The play is about a General in the Scottish army who becomes king, but not in a traditional happy sort of way. Two generals, Macbeth and Banquo are returning from a battle and stumble across three witches in the forest where the tell the two of their fortunes. Macbeth will be king and Banquo will have his children for many ages become King.
Putting the thought of becoming King into Macbeth's head leads to the murder of King Duncan and the fall into madness that surrounds Macbeth. Soon he must go to the witches again to find out more of his future. This time around the witches tell him that no man born of a woman can kill him, leaving Macbeth with the false belief that he is invincible. Tragedy ensues and another classic has been engulfed. Enjoy this classic performed by wonderful cast.
Wednesday, October 05, 2011
by Paul Finch
read by Arthur Darvill
Published by BBC Audiobooks
Approx 6.5 hours
Okay before we talk about this particular audio book I've gotta point out something I just found out and it has me stoked; there are like a bazillion Doctor who audiobooks. I was looking around for something to shove into my iPod and remembered having listened to a couple of Doctor who books and thought that would be cool let's see what else is out there. 'Lo and behold there are several for the latest 3 Doctors and many more for the older series. BBC Audiobooks has been busy.
This time around I've picked up another audiobook featureing the 11th Doctor (portrayed by Matt Smith) and in the continuity it takes place just before the 5th season episode of "The Impossible Astronaut." The Doctor's companions are still Amy and Rory and their adventures takes them to a region that is pretty much like a gambler's heaven, Leisure Platform 9. Before he can join Rory and Amy, the Doctor has to go and visit an old friend, Kobal Zalu, who is head of the police force in this sector. Zalu mentions that the last time he saw the Doctor, the Doctor had white hair, so this is digging out an old friend from way back, the first or second Doctor. It seems Zalu doesn't as much act as a police officer but more of a peacekeeper between gamblers and vilians and as long as the locals aren't harmed all else is ignored.
This book is ready by Arthur Darvill, the actor portraying Rory in the series, and not only is this a good choice because the bulk of the story is told from Rory's point of view, but because Darvill has a great delivery. His voice is flexible enought to change between different characters talking in the story, but he does a pretty good impression of Matt Smith (the Doctor).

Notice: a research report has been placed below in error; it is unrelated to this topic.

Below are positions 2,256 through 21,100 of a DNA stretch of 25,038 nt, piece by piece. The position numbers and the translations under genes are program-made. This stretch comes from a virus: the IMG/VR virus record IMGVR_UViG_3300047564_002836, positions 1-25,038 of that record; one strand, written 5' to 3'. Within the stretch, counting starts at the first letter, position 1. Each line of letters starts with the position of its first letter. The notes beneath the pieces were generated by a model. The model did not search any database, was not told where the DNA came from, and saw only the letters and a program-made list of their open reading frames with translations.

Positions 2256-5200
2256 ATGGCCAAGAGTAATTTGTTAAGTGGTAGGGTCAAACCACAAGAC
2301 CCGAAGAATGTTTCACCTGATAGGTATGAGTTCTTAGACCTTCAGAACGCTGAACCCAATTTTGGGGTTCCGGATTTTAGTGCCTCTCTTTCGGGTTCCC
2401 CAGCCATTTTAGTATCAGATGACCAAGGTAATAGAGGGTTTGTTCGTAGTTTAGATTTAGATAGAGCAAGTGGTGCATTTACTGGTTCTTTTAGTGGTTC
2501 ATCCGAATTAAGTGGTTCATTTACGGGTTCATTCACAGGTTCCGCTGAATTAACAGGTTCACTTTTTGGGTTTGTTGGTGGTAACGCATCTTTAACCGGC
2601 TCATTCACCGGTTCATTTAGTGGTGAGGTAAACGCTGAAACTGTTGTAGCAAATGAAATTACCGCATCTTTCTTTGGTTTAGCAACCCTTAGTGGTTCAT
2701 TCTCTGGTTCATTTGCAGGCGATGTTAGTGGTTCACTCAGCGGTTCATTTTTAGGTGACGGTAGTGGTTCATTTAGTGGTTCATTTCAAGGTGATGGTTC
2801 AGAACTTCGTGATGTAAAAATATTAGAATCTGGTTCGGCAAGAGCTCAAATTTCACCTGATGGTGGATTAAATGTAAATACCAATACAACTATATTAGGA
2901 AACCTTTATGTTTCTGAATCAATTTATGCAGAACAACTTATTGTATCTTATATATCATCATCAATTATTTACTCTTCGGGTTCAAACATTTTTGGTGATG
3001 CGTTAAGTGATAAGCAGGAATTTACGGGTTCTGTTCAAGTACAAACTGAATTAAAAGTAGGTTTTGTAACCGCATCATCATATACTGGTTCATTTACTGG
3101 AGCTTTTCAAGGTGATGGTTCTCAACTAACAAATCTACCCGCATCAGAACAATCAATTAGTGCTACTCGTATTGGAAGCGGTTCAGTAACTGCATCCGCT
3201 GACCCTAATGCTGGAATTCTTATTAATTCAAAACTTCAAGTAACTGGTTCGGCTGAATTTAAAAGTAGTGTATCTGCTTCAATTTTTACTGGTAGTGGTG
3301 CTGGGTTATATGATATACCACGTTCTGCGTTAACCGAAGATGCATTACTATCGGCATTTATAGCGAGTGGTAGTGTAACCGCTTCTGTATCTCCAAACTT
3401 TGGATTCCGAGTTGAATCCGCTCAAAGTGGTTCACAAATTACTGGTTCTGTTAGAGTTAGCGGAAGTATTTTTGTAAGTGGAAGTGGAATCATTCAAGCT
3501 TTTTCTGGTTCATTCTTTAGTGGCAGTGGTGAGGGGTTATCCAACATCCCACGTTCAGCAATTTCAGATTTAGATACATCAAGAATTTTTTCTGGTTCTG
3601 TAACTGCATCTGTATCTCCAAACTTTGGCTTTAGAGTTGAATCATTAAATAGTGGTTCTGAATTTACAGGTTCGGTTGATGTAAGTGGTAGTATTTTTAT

While on the platform Rory notices a game of chance that he's pretty good at, well least the Earth version (craps). While observing a player at the game Rory remarks that the game of chance is chancing more to the players benefit. When he remarks outloud about this the player then challenges Rory. Rory plays ends up winning but on the final throw loses, and loses big, in fact he loses the TARDIS to the player (it doesn't matter that Rory isn't the owner.) So as payment the player, Xorg Krauzzen, kidnaps Rory and takes him to the planet Gorgoror, where Rory and other kidnapped earthlings are part of a hunt, not as hunters but as hunted.
The Doctor and Amy go undercover to save Rory and end up uncovering a fiendish hunt that has been going on illegally for years, so now the Doctor must stop this evil, rescue his friends and get the TARDIS back. In a non-stop thrillride this story will keep you on the edge of your seat, have you chew down all your fingernails and keep your adrenaline up until the very end.
Friday, September 30, 2011
by Hunter S. Thompson
Published by Modern Library (1999)
originally published by Random House (1966)
I have been a fan of Hunter S. Thompson ever since I saw the movie "Where the Buffalo Roam" starring Bill Murray, which was loosely based on the book "Fear and Loathing in Las Vegas." After seeing that movie I read the book and realized why it was LOOSELY based, because of the craziness that is Gonzo reporting that Thompson did best.
I decided to go back again recently and tackle another Thompson book and this Hell's Angels documentary seemed a good way to go. In this book you don't get as much craziness that makes the gonzo, Gonzo. Instead with this book you get the early forms of gonzo reporting where Thompson placed himself at the heart of danger. It is still told in first person as Thompson did best and with some great descriptive narrative that puts the reader pretty much on the back of a Harley and making some runs with the most dangerous group of the 60s.
During this period of American history, The Hells Angels were a violent bunch, at least according to all the major newspapers. Hunter S. Thompson, thought they may be getting a bad rap and decided to put himself in the middle of it all. He approached Sonny Barger, the head of the Hells Angels at the time and told him of his plans to follow them as a reporter, a dangerous move in and of itself due to the Angels not trusting reporters because of the bad press. But soon Thompson was mildly accepted into the fray and follows them for about a year. Thompson's relationship was ended with the Angels after they nearly beat him to death for making a remark to a fellow Angel that the club didn't appreciate. The remark was made when Thompson saw an Angel beating his wife, to which Thompson said, "Only a PUNK beats his wife."
The whole nature of the Hells Angels motorcycle club at the time always teetered on the edge of violence, whether it was running out of beer or locals wanting to chase the club out of town. This documentary not only shows the constant chance of violence, but Thompson also sheds some light on the idea that the Angels just wanted to be left alone. Left to themselves they just wanted to have a good time on weekends and in many cases work their jobs during the week. As with any large group there are individuals that would do something that would get the negative attention and that is what everyone focused on. Thompson presented all the stories during his time with them good and bad.
Some of the fun stuff in the book is when Ken Kesey and his Merry Band of Pranksters invite the Angels over for a party and the two cultures converge and the police are the ones that create the clash. Many exciting adventures in this book and at times you feel you are reading a thriller with an exciting ending rather than a documentary. Great writing and interesting cultures make this book a good read.